Sunday, 23 April 2017

1,033 GAZ BROOKFIELD, Nick Harper, Swindon Holmes Music, “Record Store Day”!, Saturday 22nd April 2017

A Record Store Day that Logan’s not likely to forget in a hurry…!

I’m fairly ambivalent about the concept of Record Store Day; anything that shines a light on the need to keep local Record shops trading must be a positive, I guess, but I have concerns about the nature of releasing “rarities” which are bought by the early birds and then find their way onto E-Bay for twice the price. Being an “accumulator” rather than a collector, myself, never interested in buying things for their intrinsic “value” or “scarcity”, I’m also not likely to part with cash for the sake of it today. However, as with RSD 2014, when I enjoyed some stellar in-store performances from Adam Ant and Edwyn Collins (gig 912), I’d always be interested in some “live” daytime RSD shenanigans, so was up for a lunchtime performance in the ‘don by none other than our very own West Country folk/ punk troubadour and “live” staple, Mr. Gaz Brookfield!

The fact that it fell on a sunny Saturday lunchtime, enabling us to take the kids along, was a plus in itself, so Rach drove us into town and dropped me, Logan and Kasey outside the venue/ shop while she parked up. Had a nose around some vintage vinyl singles boxes, which brought back some memories, chatted briefly with the arriving Gaz and re-introduced him to the kids, then took a couple of stools to the side of the stage, which was set up in the shop window, to catch a midday set from Nick Harper. Lauded by Gaz and a bloke whose “live” set I’ve been meaning to catch for some time, his solo guitar set was drawn exclusively from his current double album “Riven”, and consisted of a few numbers featuring very complex virtuoso arrangements overlaying a proggy, 60’s post-psychedelic feel, often baroque and sometimes a bit menacing, viz. a creepy “Juicy Fruit Girl” about a rummage through his attic evoking memories of an old girlfriend. “Holiday On Earth”, a pretty ballad about the Avebury stones, which followed an aggressive bluesy number, was my set favourite, although the Buckley-esque closer about his mother ran it close. Chatty and voluble throughout, he interacted with the audience and spoke entertainingly on a number of subjects, although I have to confess his material largely fell outside my usual tastes and made this a set, much like Tin Spirits, which I appreciated and admired, rather than actually enjoyed.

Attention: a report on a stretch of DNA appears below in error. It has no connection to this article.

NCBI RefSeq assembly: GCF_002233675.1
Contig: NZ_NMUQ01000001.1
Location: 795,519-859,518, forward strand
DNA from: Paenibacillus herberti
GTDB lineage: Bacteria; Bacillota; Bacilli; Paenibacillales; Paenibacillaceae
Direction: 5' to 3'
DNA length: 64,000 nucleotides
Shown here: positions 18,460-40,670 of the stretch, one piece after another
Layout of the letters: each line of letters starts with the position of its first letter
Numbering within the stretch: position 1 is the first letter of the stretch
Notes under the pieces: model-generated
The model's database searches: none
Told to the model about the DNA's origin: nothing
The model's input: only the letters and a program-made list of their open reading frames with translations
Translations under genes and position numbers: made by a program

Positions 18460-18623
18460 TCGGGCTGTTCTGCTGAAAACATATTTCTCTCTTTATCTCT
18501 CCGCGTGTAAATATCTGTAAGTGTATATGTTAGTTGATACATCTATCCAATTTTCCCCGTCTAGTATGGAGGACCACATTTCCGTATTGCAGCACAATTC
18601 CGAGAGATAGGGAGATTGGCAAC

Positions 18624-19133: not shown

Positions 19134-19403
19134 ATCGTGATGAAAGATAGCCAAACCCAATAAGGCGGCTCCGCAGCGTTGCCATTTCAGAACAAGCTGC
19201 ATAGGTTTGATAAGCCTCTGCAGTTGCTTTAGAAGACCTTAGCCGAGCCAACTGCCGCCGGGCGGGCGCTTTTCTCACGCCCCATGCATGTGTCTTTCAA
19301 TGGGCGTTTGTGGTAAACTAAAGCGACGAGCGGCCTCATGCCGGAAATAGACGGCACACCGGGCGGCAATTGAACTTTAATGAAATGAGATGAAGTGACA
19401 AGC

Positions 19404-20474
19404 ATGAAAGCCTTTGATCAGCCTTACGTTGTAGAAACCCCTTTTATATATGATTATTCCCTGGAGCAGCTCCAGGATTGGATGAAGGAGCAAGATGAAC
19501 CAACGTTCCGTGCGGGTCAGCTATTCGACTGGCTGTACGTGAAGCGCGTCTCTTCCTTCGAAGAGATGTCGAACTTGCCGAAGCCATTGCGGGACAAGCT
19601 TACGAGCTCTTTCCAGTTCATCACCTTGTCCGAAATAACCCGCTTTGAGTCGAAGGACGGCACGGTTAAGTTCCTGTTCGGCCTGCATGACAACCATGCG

Nonetheless, Gaz was up in short order, so we decamped as a family to the bottom of the stairs, stage left, for a closer view, Logan choosing to sit on a stool dead centre, right in front of one of his favourite performers. Appropriately, Gaz opened with a wry “Solo Acoustic Guy”, throwing in some puns for general levity, then remarking that, thanks to a late gig in Stourbridge the night before, playing at 1 pm felt for him like, “my equivalent of breakfast!” “March Of Progress” and a sway-along “All So Rock And Roll” were dispensed with; then it was time for “The Tale Of Gunner Haines”…

Logan had previously asked Gaz whether this, his favourite number from last year’s excellent “I Know My Place” album, would be in the set, and was delighted with an affirmative reply. So from note one, he sung along stridently and raucously, to the point that after the first chorus, Gaz remarked, “I think we should give this lad a microphone!” Then, after being pointed out that a spare mic was actually set up onstage, Gaz invited Logan up onstage with him to sing along! So it transpired that my 9-year old son joined Gaz in an impromptu duet for the remainder of the “Gunner Haines”, remembering all the words, and eliciting a comment of, “how awesome was that!” from Gaz at the song’s conclusion! Amazing!

There were other numbers afterwards; “Cursed” featured some additional detail about his wretched yellowy gold Fiat Punto (apparently it tipped passengers out of one side, and spilled water on the crotches of the people on the other side!), “The Ferry Song” was beautiful and plaintive, “I Know My Place” a thrilling punky blast, and, following the inevitable props for Holmes Music (Gaz remarking, “I bought my first amp in here! And my first guitar – that was a “Waynes World” moment – “I must have it…!!””), a rousing “West Country Song” was a fine send-off to another splendid Gaz performance. But inevitably, this was all about the Gaz/ Logan duet on “Gunner Haines” for me. Another proud dad moment, another amazing memory for Logan’s early gig-going days. Thanks Gaz! Roll on “All Roads Lead To Frome” and the full-band Gaz Brookfield experience!

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